Devising a common vocabulary for a knowledge management university intranet.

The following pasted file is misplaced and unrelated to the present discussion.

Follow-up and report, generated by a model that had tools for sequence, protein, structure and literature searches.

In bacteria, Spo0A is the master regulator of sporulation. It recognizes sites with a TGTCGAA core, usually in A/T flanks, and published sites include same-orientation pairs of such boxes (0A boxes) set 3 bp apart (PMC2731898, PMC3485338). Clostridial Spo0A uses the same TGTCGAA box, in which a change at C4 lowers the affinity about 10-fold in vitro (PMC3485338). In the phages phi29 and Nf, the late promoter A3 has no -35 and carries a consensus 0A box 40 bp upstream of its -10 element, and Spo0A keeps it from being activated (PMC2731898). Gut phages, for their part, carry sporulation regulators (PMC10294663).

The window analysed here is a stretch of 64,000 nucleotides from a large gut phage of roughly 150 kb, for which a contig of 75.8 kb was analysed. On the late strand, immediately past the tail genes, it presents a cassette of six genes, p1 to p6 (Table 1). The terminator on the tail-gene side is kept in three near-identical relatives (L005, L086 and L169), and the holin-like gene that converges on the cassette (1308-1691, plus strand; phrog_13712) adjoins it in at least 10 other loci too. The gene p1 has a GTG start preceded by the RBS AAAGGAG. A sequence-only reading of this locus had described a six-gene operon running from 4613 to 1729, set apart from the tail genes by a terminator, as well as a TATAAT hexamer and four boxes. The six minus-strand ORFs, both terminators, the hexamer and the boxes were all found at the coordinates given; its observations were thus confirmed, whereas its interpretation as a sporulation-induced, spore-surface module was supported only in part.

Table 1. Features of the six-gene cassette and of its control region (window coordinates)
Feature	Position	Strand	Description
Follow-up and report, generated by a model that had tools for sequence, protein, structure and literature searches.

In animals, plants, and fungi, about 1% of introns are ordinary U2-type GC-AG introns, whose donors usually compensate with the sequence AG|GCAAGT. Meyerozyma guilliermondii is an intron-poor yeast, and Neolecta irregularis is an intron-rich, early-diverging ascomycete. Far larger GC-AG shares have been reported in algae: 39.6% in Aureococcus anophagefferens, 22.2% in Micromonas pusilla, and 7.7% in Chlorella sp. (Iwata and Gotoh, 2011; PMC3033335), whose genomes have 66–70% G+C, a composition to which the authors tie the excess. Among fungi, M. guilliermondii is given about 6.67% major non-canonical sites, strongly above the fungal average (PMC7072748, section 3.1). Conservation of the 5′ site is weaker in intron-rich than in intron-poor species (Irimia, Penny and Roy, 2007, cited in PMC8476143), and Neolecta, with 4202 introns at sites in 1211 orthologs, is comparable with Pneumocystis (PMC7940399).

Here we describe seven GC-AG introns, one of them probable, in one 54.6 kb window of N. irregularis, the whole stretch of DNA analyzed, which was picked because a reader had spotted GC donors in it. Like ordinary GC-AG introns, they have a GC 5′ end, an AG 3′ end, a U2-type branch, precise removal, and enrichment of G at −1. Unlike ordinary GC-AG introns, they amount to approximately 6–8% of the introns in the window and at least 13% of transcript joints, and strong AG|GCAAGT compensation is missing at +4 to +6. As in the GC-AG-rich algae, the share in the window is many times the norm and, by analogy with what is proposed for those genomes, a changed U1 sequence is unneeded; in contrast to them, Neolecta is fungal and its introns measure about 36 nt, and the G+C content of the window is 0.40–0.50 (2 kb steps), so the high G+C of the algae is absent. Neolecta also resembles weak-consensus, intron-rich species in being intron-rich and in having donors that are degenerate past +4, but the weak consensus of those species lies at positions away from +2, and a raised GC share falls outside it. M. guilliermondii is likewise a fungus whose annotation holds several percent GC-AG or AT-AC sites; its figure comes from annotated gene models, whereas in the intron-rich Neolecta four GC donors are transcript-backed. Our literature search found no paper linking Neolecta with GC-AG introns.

For the past few years, the University of Natal has been using an HTML-driven InnerWeb as its intranet system. The advantages of database driven intranet technologies over static HTML pages are now well established. It was felt that the University should change to a database driven intranet system which would better serve the needs of the University community. The first part of this study was conducted to establish user perceptions and requirements of such an intranet. Results from this study suggested that the functionalities and needs expressed by participants are synonymous with functionalities offered by database driven intranets. The second part of this study was therefore to follow up and prioritise the identified requirements for the main intranet interface to establish a controlled vocabulary and investigate current debate on the possibilities and limitations of intranets as a knowledge management tool. Part of the study took cognisance of Stoke's use inspired research premise by adapting constructivist research philosophy as well as Van den Akker's development research strategy to guide the study. Eclectic mixed methodology as suggested by Reeves guided the research design for this study. Thus data gathering methods which included group and on-line card sorting, semi-structured interviews, category membership expectation tests and prototype validation were used to validate each stage of the development process. Data analysis procedures included using Microsoft Excel to calculate the total score assigned to each item for possible inclusion on the intranet, cluster analysis using IBM EZSort software, analysing interview transcripts using QSR NVlvo software as well as simple eye balling of the category membership expectation data. The initial 93 items for possible inclusion, which were identified at the first part of the study were reduced to 60 items. Some distinct themes, which were identified, include research activities, library, social notices, corporate notices, learning activities, University Policies and Procedures, student activities, staff activities and on-line collaboration . The results of this study suggest that it is challenging to establish vocabulary which is common to the majority of prospective users. Thus, some of the suggested vocabulary for category labels did not have majority consensus. This study also suggests that participants expect a process driven intranet, which offers multidimensional access points and multiple ways to navigate. This implies analysing same data from different viewpoints. Participants want more from an intranet than simple document publishing though a few can not see the intranet beyond a document retrieval tool. The study suggests that users have different needs which could be better addressed by offering customisation and personalisation functionalities to suit users' individual needs. Participants expect to use the intranet as a reliable institutional memory which offers seamless remote access to synchronous and asynchronous communicating tools, access to various forms of digital media, interactive on-line administration functionalities as well as access to on-line academic related activities.